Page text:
Sunday, August 12, 2007

Tom Bradley International Airport – A Nightmare!

Last Wednesday (08/08/07) I was sitting in the departure lounge of the Indira Gandhi International (IGI) airport in New Delhi, patiently waiting for my plane to arrive from Shanghai (Chine Eastern Airlines). Earlier at the ticket counter, I was told by the agent that my flight had been delayed by an hour, which meant that it would depart IGI airport at five in the morning instead of four. But obviously my connecting flight from Shanghai to Los Angeles would leave at its scheduled departure time. I did a quick calculation in my head and realized that I only had an hour and a half to get to the transit terminal in Shanghai. I was mortified. And sure enough as the China Eastern airplane landed at Shanghai-Pudong airport I found myself rushing past everyone to get to my transit terminal. I finally got there with only forty-five minutes to spare. This gave me enough time to grab a quick bite and check my e-mail. It was nice of the Chinese government to provide free Internet access at their airport for travelers. Now that’s something that LAX airport can do. Why they have not done it yet, beats me. Perhaps it is a “security” issue.

The flight from New Delhi to Shanghai had lasted six and a half hours and here I was boarding another airplane to Los Angeles, only this time the flight would last eleven and a half hours! I was not looking forward to this. I will spare you the gory details of what happened in the airplane and just skip to the part where the captain announced that we were approaching LAX, though he need not have announced it as a massive concrete jungle underneath a canopy of brown smog at eleven in the morning was clearly invisible below. The airplane made a soft landing and the passengers were shuttled by three buses towards immigration and baggage claim. Now for those of you who have not recently traveled outside of the United States, let me tell you that the immigration situation at Tom Bradley International was scary. There were many officers on duty but no matter what, the lines were huge. Airport security officers kept shouting at foreigners to get in line, to move this way and that way. It was quite a mess. We had been told in the airplane that our baggage would be delivered at carousel number seven. But since the wait to the immigration line was so long, there were three other flights after China Eastern whose baggage was also dumped on carousel seven.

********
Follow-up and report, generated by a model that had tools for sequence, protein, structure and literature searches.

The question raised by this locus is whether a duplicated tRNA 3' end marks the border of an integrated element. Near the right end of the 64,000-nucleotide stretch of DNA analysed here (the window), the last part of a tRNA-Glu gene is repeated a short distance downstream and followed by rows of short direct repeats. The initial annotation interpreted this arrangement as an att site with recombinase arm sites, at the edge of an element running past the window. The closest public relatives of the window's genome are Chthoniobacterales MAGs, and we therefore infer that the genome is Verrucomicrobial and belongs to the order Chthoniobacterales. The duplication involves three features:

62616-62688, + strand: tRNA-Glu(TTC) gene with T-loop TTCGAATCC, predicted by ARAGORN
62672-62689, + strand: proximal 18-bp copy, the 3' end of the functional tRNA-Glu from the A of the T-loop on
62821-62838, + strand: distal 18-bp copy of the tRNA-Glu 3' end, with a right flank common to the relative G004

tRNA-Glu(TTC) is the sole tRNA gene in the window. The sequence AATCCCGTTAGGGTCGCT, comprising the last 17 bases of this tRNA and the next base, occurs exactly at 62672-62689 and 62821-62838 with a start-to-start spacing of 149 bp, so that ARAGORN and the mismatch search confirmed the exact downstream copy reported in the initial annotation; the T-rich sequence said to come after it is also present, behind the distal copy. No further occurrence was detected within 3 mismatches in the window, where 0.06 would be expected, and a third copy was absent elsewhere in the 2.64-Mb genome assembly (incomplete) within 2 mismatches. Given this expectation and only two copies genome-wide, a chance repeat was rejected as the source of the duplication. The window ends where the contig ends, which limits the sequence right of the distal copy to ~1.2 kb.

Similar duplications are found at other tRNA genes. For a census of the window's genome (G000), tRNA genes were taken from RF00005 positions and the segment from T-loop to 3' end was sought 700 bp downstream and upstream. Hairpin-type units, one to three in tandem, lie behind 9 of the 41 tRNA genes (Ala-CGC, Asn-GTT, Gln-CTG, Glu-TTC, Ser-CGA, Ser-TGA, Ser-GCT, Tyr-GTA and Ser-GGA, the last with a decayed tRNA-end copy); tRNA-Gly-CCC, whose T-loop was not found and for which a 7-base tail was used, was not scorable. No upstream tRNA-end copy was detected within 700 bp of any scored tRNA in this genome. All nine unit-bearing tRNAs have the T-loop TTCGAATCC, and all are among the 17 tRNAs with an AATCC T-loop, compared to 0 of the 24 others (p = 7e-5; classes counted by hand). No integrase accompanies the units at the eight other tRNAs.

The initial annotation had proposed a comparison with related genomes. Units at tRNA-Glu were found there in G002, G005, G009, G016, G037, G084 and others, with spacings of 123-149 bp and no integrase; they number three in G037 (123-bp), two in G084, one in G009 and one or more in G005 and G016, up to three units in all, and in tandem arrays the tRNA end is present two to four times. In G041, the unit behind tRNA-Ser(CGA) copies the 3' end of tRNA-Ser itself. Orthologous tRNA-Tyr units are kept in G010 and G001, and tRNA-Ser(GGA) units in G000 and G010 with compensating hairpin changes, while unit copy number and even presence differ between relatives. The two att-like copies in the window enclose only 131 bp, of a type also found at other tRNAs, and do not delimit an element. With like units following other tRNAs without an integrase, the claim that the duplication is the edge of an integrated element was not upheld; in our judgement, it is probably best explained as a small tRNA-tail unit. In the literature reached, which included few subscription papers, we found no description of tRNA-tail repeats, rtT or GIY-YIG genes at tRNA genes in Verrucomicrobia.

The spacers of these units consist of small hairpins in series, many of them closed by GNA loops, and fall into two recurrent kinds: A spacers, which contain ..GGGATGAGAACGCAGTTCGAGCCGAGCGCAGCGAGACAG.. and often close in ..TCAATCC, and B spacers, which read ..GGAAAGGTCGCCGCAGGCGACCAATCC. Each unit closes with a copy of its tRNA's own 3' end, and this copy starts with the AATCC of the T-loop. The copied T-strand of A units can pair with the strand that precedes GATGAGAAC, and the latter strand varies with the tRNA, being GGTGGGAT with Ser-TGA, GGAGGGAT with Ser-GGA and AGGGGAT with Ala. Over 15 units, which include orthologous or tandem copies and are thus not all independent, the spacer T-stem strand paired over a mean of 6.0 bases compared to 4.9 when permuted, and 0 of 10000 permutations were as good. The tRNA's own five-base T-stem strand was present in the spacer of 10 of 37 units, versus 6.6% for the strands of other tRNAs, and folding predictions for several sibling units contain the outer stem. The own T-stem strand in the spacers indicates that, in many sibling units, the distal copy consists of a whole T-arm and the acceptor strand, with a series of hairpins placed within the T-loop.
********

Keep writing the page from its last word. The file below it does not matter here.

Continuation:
My back was hurting, I was dehydrated and on top of all this there was an officer who kept shoving a white form in my face and asking me to fill it out at certain places where there was no need for me write anything. How do I know better than an officer in charge? For starters I have gone back and forth between Los Angeles and India enough times that I remember this form forwards and backwards. I have been through enough immigration officers to know what they look for in these forms. She even had the gall to say that if I did not fill in a certain line, this would create a problem and that I might even be sent back. I did not have the energy or the patience at the time to tell her otherwise and so I simply ignored her. I guess she was just trying to do her job of annoying the heck out of me. By the way, my line was moving the slowest. Of all the gazillion lines there, I had to choose the one that was moving the slowest. All the other line and two to three immigration officers while ours had only one! ONE! I felt like changing lanes and maneuvering into a faster line, but since I have never even done that on the freeways here, why try now when you were trying to get into the country.

As I looked past the immigration booth, carousel seven was starting to look like a mess. Luggage was thrown across everywhere. There was a very tiny lane where throngs of people were trying to maneuver their carts in the hopes of finding their luggage and hauling it out of the airport safe and undamaged. You know how on the freeways you think that the lane opposite to you is moving just a tad bit faster, especially when you are stuck in traffic, when the moment you change into the “faster” lane it slows down again. Well nothing like that was happening here. The line next to me was moving faster because there was an immigration officer who just kept letting the folks into the United States. She was processing their papers faster than a well oiled machine. She might have been of German descent.

Finally I was summoned at the immigration gates. The officer looked at my papers and that white form, and of course he did not look at the place where the lady officer had been bugging me earlier to write stupid, useless information. Thwack, thwack and I got my stamps on my passport and my departure ticket stapled. I collected my papers and headed straight for where the carts were stacked. I was praying to higher powers that I find my luggage fast and sure enough I found my two bags in five minutes. I safely made my way through the green channel and gracefully made my way to the shuttle area. It was good to be back in Los Angeles, safe and sound. It was good to bask in smog and sun yet again.

Thursday, August 9, 2007

I stamped my way through an Indian airport

As I was getting ready to leave Kashmir yet another time, yet again for an entire year, I was dreading the thuds of old and germ-infested rubber stamps at the Srinagar airport. Now you might ask what in god’s name is a rubber stamp doing at an airport? I will get to that shortly. But before that I have to take the reader through a tour of what I call a typical airport in India.